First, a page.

Supermarine Spitfire MKVIII VH-HET A58-758 on late finals into runway 36 Temora.
Presently this is the only Spitfire flying in Australia. (A second example (a MK XVI) has recently been purchased from New Zealand and will be seen later this year).
20,334 Spitfires were built before, during and after the war. There were 1652 Spitfire Mk VIIIs built. This one was the last allocated to the RAAF in April 1945. On receipt the aircraft was placed into storage until it was given to the Sydney Technical College as an instructional airframe. Sid Marshall the bought the aircraft and stored it at Bankstown until 1982. Colin Pay of Scone restored the Spitfire and it flew again in 1985.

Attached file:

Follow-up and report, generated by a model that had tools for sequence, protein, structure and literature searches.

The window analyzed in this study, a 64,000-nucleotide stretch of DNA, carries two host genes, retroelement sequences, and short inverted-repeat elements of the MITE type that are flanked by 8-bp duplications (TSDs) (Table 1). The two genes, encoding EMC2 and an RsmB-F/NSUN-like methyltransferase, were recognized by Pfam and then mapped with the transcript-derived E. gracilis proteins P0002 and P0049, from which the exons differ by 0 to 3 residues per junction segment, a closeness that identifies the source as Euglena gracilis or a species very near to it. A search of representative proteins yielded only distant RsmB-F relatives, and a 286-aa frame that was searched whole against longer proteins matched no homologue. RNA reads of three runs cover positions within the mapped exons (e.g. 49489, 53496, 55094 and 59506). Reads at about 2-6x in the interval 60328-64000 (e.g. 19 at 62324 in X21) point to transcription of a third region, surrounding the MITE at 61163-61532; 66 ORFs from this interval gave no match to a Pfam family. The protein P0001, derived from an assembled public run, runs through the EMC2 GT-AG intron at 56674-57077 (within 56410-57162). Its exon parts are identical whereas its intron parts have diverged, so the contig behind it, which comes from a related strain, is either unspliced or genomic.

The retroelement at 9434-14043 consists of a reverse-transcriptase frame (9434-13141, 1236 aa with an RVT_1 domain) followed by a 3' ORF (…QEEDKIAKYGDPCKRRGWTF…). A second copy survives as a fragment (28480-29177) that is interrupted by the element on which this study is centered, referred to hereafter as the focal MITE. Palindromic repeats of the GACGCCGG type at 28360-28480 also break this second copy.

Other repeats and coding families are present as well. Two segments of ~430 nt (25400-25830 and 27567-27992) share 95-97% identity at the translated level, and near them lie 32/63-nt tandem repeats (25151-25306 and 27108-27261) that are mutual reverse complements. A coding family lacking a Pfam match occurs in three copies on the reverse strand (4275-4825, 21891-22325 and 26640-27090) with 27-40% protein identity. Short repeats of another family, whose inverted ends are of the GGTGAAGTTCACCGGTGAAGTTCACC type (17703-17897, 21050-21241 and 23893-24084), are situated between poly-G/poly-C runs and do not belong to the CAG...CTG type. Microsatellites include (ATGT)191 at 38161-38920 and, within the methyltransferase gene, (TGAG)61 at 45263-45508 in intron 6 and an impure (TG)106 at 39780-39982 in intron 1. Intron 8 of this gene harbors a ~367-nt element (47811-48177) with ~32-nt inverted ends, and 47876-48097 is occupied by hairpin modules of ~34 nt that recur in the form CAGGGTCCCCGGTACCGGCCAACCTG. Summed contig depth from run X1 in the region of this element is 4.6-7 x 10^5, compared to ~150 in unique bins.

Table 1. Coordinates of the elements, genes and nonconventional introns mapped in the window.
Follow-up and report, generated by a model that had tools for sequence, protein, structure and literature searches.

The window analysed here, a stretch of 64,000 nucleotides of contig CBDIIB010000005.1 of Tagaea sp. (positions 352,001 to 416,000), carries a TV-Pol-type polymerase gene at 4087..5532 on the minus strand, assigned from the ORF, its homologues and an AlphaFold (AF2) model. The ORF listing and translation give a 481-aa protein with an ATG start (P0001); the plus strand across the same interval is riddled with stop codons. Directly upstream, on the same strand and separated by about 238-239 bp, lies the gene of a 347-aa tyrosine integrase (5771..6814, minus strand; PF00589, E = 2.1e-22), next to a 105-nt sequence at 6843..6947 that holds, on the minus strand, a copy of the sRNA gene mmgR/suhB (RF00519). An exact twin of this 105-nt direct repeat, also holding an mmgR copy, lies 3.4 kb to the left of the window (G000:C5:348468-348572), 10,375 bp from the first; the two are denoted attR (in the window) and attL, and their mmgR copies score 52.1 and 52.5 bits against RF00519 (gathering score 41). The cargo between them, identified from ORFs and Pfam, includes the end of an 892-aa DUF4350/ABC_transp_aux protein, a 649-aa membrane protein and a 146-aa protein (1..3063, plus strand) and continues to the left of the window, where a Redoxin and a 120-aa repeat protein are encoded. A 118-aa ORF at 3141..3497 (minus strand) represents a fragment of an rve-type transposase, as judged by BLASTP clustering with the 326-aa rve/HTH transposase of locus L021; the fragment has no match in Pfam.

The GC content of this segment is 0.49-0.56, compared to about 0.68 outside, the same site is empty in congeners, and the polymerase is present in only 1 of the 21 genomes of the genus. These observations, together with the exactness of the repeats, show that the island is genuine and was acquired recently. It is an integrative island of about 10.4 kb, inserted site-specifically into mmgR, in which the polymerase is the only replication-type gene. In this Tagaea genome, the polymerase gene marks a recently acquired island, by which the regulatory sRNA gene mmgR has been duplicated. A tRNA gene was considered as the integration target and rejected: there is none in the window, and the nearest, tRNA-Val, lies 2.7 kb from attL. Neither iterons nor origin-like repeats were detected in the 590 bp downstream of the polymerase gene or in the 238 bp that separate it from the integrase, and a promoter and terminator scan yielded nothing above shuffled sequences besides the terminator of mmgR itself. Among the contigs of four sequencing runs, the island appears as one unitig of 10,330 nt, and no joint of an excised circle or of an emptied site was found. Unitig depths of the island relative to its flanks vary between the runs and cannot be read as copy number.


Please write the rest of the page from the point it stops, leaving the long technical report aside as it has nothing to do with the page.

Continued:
Although it never flew in anger this aircraft is painted in the green and grey camouflage colours worn by the RAAF aircraft defending Darwin during World War II and in operations in the South West Pacific and carries the markings of Wing Commander R.H. (Bobby) Gibbes AM WG CMR DSO DFC.
Benefactor to the Temora Aviation Museum, David Lowy, purchased the Spitfire and donated it to the collection. It flies regularly at the Museum. In deference to its "dirt field" undercarriage and tyre wear, the Spitfire is flown from the grass strips. The port undercarriage has a distinct "toe-in" to aid stability.
The torque of the propellor forces the port wheel hard into the ground when the throttle is opened.